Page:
His first novel Destruction (Miewang), completed in 1928 during his stay in France, was about a depressed young anarchist who found himself too weak to take any decisive actions.

Reflecting on the major works he wrote between 1927 and 1946, Ba Jin wrote in the preface to the English version of his Selected Works of Ba Jin: "When I am burning with passion, my heart is about to explode and I don't know where to place it; I feel that I must write. I am not an artist, and writing is the only part of my life, which, like my works, is full of contradictions.

"The conflicts between love and hate, thought and action, reason and emotion combine to weave a net enwrapping my whole life and all my works."

Being courageous enough to delve into and dissect his weakness and to share it with his readers, Ba Jin was one of the first Chinese intellectuals to share his true feelings about the chaotic "Cultural Revolution" (1966-76).

His prose collection, Random Thoughts (Suixiang Lu), has been widely acclaimed as "the greatest work of soul-searching of our time."

"It is not I who is unwilling to forget or to conceal. It is the bloody facts, the nightmares, that have kept me from forgetting," Ba Jin wrote. "Loving truth and living honestly is my attitude to life. Be true to yourself and be true to others, and thus you can be the judge of your behaviour."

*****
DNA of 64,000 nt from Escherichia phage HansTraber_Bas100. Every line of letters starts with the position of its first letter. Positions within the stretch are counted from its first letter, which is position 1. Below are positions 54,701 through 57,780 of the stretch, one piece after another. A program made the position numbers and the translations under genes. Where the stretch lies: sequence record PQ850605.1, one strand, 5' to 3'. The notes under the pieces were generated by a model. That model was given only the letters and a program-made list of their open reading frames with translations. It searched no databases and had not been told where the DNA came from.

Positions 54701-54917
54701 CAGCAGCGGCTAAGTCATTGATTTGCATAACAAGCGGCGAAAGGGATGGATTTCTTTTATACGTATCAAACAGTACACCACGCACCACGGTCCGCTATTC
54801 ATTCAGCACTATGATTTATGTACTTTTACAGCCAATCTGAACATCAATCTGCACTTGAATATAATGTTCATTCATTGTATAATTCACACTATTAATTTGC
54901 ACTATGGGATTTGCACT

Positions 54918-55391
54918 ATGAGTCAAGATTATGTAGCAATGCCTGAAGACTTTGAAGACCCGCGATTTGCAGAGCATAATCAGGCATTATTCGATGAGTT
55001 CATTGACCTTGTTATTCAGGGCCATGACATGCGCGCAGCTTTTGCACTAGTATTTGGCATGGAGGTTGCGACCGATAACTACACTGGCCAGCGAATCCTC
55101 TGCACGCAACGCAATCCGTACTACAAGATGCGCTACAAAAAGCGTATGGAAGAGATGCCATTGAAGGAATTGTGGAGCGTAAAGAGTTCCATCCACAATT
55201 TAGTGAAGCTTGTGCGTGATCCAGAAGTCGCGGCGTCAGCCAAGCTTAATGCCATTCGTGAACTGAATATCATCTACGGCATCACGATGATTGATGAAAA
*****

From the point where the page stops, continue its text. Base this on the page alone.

Professor Chen attributed Ba Jin's longevity to his ability and courage to be true always to himself and to others.

"In this way, the writer could find the happiness of life, which has been concealed from too many of us," he said.

Chen remembered his meeting with Ba Jin in 1994 at Ba Jin's hospital room. The writer, who had suffered several major bone fractures, was then crouched in his bed after working hard on polishing translated literary works from Russian to Chinese.

However, he insisted that he recite the preface to his translation collection, asking Chen to write it down for him.

"I was surprised to find that every sentence of the preface was filled with a burning passion for life. I couldn't imagine the passion belongs to a 90-year-old man suffering from so much pain," Chen said.

Ba Jin never failed to express his passionate, persevering spirit.

"If you cannot find happiness in yourself, look for it in the people and you will see that happiness shines amid the most difficult lives," Ba Jin quoted from Russian music composer Tchaikovsky in his preface.

(China Daily October 19, 2005)